Extra: WorkShop links with B.Bold, PBS gets MacArthur funds

In today's 'Extra' wrap, The WorkShop forms a joint venture production unit, two PBS doc strands receive renewed funding, and Discovery Canada orders its second 4K series. (Pictured: How Hard Can It Be host Andrew Younghusband)
January 31, 2016

PBS doc strands receive MacArthur funds

The MacArthur Foundation has renewed its support for PBS and World Channel documentary strands ‘POV’ and ‘America Reframed,’ respectively, with a three-year grant worth US$2.25 million through to 2018.

The grant will support the PBS film series and its community, education and digital innovation campaigns. The documentary strand, which is produced by American Documentary and returns this June, will focus its 29th season on Tod Lending’s All the DifferenceDavid Osit and Malika Zouhali-Worrall‘s Thank You For Playing, and Bernardo Ruiz’s Kingdom of Shadows.

Meanwhile, World Channel’s year-round ‘America Reframed’ will return for its fourth season on February 2 with Danielle Beverly’s Old South, documenting two racially different communities living on a Georgia block. The strand is co-produced between American Documentary and World Channel.

WorkShop, B.Bold open JV production unit

Philadelphia-based indie The WorkShop has launched a joint venture production unit with New York firm B.Bold Content Studios to co-develop multi-platform unscripted content for both the U.S. and international markets ahead of this week’s Realscreen Summit in Washington DC.

The currently unnamed outfit will be headed by Benjamin Ringe, who previously worked alongside WorkShop CEO and executive producer Tom Farrell at Banyan Productions. Most recently, Ringe served as senior VP of development and executive producer at NBC’s Peacock Productions, where he was charged with generating and developing multi-platform, factual content for NBCUniversal’s properties and outside clients.

In other WorkShop news, the company has teamed with former American Idol contestants Clay Aiken and Ruben Studdard to produce the travelogue series Unexpected America. The program will shadow the two musicians as they journey to popular tourist attractions across America. The duo will travel without the use of a map or GPS – unless they’re hopelessly lost – and instead rely on the kindness of strangers to lead them to unexpected destinations.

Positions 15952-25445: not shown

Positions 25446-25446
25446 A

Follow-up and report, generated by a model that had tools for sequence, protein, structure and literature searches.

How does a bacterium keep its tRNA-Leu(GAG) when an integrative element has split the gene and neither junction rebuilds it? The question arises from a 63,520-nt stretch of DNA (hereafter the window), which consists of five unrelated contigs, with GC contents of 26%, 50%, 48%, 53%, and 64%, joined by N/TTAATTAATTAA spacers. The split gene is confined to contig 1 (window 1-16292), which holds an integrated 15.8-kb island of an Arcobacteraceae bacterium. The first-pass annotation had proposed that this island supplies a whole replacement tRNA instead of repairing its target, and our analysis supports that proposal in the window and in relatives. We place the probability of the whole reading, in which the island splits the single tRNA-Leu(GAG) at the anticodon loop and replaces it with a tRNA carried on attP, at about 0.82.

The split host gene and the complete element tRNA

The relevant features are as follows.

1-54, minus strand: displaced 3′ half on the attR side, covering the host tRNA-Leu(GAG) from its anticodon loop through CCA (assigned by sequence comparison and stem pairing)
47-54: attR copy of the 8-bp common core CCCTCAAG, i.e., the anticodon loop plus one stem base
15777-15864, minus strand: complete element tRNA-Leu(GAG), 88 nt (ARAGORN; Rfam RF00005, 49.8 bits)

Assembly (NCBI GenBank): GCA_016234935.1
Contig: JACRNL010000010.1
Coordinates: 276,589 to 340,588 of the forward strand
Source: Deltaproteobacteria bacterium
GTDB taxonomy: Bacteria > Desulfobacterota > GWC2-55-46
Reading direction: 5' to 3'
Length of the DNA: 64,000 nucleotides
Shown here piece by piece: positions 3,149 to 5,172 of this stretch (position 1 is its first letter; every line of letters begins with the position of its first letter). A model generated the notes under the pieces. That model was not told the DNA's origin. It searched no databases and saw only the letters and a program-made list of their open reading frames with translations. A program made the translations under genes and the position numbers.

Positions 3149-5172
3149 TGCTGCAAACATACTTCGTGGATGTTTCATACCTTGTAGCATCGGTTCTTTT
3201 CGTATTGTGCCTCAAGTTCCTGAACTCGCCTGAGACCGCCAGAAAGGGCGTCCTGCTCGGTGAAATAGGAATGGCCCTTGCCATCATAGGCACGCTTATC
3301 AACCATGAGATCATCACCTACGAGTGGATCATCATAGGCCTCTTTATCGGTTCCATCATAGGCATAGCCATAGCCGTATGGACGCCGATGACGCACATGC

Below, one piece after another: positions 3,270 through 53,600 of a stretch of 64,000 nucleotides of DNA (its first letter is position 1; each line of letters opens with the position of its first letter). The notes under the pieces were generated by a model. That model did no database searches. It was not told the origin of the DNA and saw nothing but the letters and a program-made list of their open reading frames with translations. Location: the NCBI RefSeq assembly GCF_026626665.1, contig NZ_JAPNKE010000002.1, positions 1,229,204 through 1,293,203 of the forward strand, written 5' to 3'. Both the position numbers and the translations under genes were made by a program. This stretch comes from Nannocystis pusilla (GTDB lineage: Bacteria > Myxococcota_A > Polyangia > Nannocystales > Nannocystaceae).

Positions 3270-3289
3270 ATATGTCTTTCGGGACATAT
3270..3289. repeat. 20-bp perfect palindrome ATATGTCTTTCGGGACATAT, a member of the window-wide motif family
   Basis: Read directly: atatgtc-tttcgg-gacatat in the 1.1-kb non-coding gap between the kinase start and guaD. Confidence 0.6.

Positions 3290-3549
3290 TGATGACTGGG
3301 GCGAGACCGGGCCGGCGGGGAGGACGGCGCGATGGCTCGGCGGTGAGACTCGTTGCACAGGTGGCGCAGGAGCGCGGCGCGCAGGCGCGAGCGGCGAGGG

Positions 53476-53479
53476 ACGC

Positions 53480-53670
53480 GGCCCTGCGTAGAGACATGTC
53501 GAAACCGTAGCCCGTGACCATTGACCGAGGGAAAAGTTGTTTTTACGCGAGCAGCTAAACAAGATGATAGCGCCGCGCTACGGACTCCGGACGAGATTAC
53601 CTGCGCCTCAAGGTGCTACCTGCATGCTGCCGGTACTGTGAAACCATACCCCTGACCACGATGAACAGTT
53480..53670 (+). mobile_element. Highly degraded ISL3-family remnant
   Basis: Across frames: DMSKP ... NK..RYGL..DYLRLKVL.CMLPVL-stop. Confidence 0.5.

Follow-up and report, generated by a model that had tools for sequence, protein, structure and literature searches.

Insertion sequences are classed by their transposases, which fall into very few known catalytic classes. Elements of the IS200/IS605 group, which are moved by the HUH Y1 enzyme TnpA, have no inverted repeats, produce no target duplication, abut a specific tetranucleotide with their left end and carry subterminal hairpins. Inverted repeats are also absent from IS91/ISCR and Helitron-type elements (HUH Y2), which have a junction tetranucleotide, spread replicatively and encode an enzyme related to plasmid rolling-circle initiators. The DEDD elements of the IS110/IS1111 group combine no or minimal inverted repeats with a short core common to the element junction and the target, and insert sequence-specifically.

Finally, production is slated to begin on February 1 for the original series Alaskan Healing. Developed and produced by The WorkShop, the action adventure competition series will showcase American veterans as they overcome obstacles and push themselves to their limits. The series - which is exec produced by Farrell, combat veteran Flip and Mike Klein – will also offer inspirational tales of war and survival through first-hand accounts.

Discovery Canada readies second 4K series

Discovery Channel in Canada has commissioned the tentatively titled Andrew Younghusband’s How Hard Can It Be? from Toronto-based Proper Television.

The 10 x 30-minute docuseries will be filmed in 4K Ultra HD and is set to shadow Canada’s Worst Driver host Andrew Younghusband (pictured) as he attempts to beat expert gamesmen in the most obscure and difficult activities.

The series will premiere this fall across Discovery Canada and Discovery Go.

“We piloted this show concept in a series of original shorts as our first 4K original project on Discovery GO last December, and are now looking forward to bringing an entire season run to the network,” said Edwina Follows, director of commissioning and production at Discovery Networks Canada, in a statement.

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Jonathan Paul is a Toronto-based writer into creativity, content, advertising, tech, comics, video games, film, TV, time and space travel.